Interfacial Interactions in 2D Materials and Related Molecular Networks
Since the first report of monolayer graphene in 2004, macromolecules that exhibit sheet-like topology including two-dimensional (2D) materials and related molecular networks have promised a wealth of intrigue in both fundamental science and technology. 2D gives rise to important interfacial behavior including molecular absorption, adhesion, cohesion, and bio-interfacing during materials’ synthesis, processing, and applications. This dissertation focuses on molecular mechanisms governing the interfacial behavior of 2D materials and related molecular analogs. Chapter 1 provides an overview of the interfacial molecular mechanisms used for 2D macromolecules. Chapter 2 looks into the detailed mechanisms and control of functional molecules’ absorption on graphene oxide (GO) nanosheets. Chapter 3 builds a tool to understand how surface organic monolayers manipulate the adhesion of graphene. Chapter 4 explores reversible cohesive mechanisms in 2D synthetic networks using macrocyclic analogs that stack into high aspect ratio, lyotropic nanotubes. This dissertation ends with a complex interface between GO and cell surfaces in Chapter 5 to discuss how GO nanosheets stimulate biological cells and find potential in cancer therapeutics. These results empower adhesive engineering, stacking control, and therapeutics design of 2D materials and related molecular networks.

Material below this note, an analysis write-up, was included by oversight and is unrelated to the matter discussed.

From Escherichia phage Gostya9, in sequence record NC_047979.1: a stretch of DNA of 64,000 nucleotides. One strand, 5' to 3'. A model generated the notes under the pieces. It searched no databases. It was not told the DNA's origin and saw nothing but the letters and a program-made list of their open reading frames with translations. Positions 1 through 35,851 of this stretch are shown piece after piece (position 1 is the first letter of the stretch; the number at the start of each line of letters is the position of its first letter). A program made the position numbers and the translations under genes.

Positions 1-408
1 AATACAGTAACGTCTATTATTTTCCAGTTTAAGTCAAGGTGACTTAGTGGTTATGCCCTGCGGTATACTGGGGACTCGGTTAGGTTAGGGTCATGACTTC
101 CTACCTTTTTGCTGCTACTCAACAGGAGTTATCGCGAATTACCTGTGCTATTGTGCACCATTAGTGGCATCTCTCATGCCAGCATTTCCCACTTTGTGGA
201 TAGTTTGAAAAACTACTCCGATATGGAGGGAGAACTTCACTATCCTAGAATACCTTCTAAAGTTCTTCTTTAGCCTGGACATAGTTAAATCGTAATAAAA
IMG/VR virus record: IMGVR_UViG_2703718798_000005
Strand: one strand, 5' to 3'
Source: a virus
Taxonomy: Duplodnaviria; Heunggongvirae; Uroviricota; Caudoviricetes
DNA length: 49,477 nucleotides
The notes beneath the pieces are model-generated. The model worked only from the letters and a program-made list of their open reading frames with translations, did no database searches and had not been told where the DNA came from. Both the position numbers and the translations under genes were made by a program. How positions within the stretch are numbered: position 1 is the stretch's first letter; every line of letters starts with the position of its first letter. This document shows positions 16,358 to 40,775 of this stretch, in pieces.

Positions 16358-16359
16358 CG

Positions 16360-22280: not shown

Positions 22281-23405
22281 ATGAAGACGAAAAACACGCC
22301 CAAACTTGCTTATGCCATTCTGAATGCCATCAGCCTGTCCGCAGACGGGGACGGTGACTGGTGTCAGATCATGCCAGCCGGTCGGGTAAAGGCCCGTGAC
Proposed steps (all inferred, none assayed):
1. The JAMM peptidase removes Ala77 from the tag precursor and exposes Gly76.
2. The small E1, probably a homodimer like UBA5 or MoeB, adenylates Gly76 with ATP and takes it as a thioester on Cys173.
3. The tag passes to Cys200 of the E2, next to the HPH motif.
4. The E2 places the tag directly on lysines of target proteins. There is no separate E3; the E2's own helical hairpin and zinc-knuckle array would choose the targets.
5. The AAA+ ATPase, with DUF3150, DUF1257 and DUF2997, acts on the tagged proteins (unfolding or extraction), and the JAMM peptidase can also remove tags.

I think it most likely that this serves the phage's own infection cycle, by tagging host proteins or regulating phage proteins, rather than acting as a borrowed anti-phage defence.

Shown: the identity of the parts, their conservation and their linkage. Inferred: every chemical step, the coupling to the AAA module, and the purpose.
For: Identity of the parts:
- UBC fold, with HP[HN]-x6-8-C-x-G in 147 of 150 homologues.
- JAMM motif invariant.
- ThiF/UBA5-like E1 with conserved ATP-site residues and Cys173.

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Graphene; Interface; Materials Science; 2D polymer; Nanomaterials; 2D material; Chemistry; Covalent Organic Framework; Nanoscience
Dichtel, William Robert
Crane, Brian; McEuen, Paul L.
Chemistry and Chemical Biology
Ph. D., Chemistry and Chemical Biology
Doctor of Philosophy
Attribution-NoDerivatives 4.0 International
dissertation or thesis
Except where otherwise noted, this item's license is described as Attribution-NoDerivatives 4.0 International